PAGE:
Expect to run slower on the trails. Focus on what feels comfortable, not your pace. Shorten your stride, stand tall and run lightly. You’re gonna roll your ankles, but if you’re light on your feet with shorter strides you’ll be able to go into that “roll” more easily without injury.

(2)    Pick a good line.
Always be looking 5-10 feet ahead of you. Not directly down at your feet. Plan your steps and pick a good line. Try to step over fallen trees, roots and large rocks. Rather than on them. They can be slippery even when they don’t appear to be. Keep a distance between you and your fellow runners as well. It helps if you can actually see the trail ahead of you! In case you need to jump, duck or change speeds.

(3)    Walk if you need to.
Don’t be afraid to walk the hills. Trail runners know it’s more efficient to walk up steep hills and conserve your energy. Be sure to keep your posture tall and pump your arms. It’s harder to get up a hill if you are bent over. Your lungs can’t do their job if they are compressed. Keep your eyes on the crest of the hill as well. Knowing the top is near is a huge motivator for digging deep within.

(4)     Run Wild on the downhills.                                                                               Stop breaking and allow yourself to fly a little. Your knees will thank you later. Use your arms to slow you down if you need to. Extend them away from your body and loosely hang them to draft you. Doing a “bunny hop” kind of run on the down hills will also slow you enough to navigate the technical stuff on single tracks. If you start to lose
control, run like a skier in an “s” formation.

(5)     Be Safe.                                                                                                                Bring a map, plenty of water, fuel and a phone. Phone service is not always available, but you can take a picture with your phone. The views are bound to be worth it. And leave your earbuds at home. Safety is first and if you can’t hear your surroundings, you’re not alert. Unplug and enjoy the sounds of nature. As they were intended.

 

If trails are a metaphor for life, then lead me down the ones with roots and
rocks… with leaves and pine needles covering fallen branches… abundant water
crossings, skyscraping mountains and bird’s eye views. – Erica Gratton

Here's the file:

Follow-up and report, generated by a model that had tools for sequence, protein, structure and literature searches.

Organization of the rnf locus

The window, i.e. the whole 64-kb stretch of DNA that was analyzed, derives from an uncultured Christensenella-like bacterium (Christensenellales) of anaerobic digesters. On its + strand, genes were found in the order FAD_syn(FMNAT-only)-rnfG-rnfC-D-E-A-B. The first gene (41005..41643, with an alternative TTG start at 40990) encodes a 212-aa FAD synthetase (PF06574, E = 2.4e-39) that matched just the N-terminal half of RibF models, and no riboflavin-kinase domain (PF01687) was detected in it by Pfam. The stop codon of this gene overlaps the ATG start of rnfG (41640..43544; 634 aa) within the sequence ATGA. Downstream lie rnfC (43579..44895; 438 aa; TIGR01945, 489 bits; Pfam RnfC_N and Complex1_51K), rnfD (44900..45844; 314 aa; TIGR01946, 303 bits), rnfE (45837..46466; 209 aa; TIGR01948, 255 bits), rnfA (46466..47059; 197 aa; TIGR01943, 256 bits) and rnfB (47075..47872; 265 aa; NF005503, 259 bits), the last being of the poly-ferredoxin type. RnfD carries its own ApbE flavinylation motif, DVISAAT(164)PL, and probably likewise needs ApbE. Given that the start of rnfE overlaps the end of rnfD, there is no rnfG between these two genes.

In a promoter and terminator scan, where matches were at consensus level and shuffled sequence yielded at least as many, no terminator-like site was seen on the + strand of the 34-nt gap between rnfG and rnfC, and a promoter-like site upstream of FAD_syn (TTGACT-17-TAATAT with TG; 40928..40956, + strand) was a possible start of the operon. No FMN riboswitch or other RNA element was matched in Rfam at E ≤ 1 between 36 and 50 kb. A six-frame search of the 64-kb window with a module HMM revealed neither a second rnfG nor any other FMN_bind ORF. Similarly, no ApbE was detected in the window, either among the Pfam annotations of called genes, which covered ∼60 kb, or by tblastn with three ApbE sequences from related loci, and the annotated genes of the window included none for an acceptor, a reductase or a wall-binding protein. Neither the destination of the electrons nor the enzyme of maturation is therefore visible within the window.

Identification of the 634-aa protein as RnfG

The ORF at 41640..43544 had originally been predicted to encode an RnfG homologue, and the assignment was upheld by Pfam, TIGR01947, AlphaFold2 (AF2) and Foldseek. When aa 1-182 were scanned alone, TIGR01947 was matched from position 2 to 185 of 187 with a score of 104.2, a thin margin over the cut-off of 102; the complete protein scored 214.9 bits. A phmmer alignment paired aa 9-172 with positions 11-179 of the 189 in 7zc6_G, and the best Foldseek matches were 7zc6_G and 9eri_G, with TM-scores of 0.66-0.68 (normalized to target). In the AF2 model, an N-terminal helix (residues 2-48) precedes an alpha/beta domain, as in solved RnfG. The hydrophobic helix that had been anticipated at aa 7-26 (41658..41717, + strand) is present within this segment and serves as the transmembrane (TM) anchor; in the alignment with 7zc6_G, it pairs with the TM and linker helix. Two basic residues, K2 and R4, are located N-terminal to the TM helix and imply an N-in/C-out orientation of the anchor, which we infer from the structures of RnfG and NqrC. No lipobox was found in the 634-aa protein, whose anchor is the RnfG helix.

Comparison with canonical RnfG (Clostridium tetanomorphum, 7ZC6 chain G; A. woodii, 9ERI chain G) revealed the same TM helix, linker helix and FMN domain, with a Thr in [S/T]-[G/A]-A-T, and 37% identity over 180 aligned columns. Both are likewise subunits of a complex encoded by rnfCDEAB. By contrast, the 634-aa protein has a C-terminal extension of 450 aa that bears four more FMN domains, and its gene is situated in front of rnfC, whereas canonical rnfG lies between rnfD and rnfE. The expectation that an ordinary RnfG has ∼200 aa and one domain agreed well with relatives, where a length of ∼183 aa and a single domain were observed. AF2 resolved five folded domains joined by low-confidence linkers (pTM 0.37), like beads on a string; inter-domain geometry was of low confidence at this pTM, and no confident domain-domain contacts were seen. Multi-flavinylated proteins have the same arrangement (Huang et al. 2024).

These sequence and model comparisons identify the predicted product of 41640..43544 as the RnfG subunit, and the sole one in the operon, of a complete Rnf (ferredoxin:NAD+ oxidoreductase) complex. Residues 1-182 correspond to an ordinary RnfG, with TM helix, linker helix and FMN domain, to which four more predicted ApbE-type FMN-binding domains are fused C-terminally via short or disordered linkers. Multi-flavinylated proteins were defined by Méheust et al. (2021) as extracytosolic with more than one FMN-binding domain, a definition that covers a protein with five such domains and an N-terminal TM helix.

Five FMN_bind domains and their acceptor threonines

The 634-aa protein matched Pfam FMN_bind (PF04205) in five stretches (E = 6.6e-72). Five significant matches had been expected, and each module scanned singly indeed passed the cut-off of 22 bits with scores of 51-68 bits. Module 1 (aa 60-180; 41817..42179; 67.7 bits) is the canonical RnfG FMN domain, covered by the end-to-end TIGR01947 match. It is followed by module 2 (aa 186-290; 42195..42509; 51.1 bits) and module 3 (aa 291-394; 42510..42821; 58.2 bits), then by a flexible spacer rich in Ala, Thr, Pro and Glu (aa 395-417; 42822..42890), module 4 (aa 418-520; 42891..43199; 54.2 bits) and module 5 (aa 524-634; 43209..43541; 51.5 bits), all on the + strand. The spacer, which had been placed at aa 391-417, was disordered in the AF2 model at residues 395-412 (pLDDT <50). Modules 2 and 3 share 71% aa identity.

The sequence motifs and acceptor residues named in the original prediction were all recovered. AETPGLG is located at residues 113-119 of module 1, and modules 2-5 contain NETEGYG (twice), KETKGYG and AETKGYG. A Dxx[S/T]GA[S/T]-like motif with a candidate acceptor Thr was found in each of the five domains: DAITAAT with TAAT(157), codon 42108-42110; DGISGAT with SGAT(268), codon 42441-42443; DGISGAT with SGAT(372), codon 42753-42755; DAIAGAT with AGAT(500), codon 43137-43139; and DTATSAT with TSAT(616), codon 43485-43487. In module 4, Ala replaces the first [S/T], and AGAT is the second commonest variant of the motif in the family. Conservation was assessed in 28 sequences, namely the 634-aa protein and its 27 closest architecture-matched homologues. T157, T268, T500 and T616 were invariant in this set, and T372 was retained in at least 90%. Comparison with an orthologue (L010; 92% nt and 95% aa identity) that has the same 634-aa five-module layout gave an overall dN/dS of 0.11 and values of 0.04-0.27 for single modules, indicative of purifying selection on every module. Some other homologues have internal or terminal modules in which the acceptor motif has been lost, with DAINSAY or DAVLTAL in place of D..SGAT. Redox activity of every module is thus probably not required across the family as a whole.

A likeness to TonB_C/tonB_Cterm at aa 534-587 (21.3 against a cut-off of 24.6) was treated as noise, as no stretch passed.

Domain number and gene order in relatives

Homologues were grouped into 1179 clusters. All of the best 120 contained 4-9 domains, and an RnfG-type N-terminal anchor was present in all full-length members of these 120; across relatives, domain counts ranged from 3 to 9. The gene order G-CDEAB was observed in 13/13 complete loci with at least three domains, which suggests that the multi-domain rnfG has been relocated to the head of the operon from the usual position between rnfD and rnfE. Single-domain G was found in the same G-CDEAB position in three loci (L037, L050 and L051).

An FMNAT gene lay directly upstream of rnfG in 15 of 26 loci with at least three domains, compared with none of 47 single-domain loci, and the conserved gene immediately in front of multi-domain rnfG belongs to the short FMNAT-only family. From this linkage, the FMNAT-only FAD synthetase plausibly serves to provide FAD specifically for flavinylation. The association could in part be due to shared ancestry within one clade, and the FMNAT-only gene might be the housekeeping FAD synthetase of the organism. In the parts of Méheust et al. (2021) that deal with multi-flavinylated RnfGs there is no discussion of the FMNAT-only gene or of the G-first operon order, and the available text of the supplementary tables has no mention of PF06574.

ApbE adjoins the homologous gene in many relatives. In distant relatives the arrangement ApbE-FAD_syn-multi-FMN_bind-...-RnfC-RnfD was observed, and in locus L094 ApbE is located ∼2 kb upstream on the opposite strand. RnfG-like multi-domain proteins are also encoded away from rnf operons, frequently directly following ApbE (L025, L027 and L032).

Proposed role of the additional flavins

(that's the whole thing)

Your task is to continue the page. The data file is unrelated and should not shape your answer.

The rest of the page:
About Erica

Erica is the Founder of Socalultrarunning. As well as an award winning trail runner, accomplished endurance athlete, RRCA, USAT&F and Natural Running Certified Coach, Race Director, Writer, Photographer and Mother.

As an athlete, she has been featured in LAS&F and Ultrarunning magazine. Erica supports her sport of running as a member of RRCA and USAT&F. As a writer and photographer, her work has been featured in sports and fitness print publications, digital media and newspapers.

Erica is also a Founding member of Conejo Valley Trail Runners club.  CVTR is a member only club offering two weekly trail runs of varying distances in and around the Conejo Valley.

Erica continues to run competitively as she enhances the lives of people through coaching. Enabling her clients to discover the only limits they have are those in their minds.

Please email Erica at ericagratton@gmail.com or call directly (805) 807-8022 to hear how she can help attain your goals through a personalized training program, one on one training runs and video analysis.

Socalultrarunning produces the No Name 5030 Trail Races in Cheeseboro National Park, the Singletrack Stampede Trail Races in Calabasas and the Phantom Trail Races at Reagan Ranch in Agoura Hills. Visit socalultrarunning on Facebook to stay up to date on race details or visit the website at www.socalultrarunning.com for race dates.

Trail Running Escapes is also brought to you by Socalultrarunning. TRE produces Trail Running Camps in Southern California. Please visit: www.trailrunningescapes.com for more information on our camps in the Santa Monica and Sierra Nevada Mountains. Follow us on Facebook too!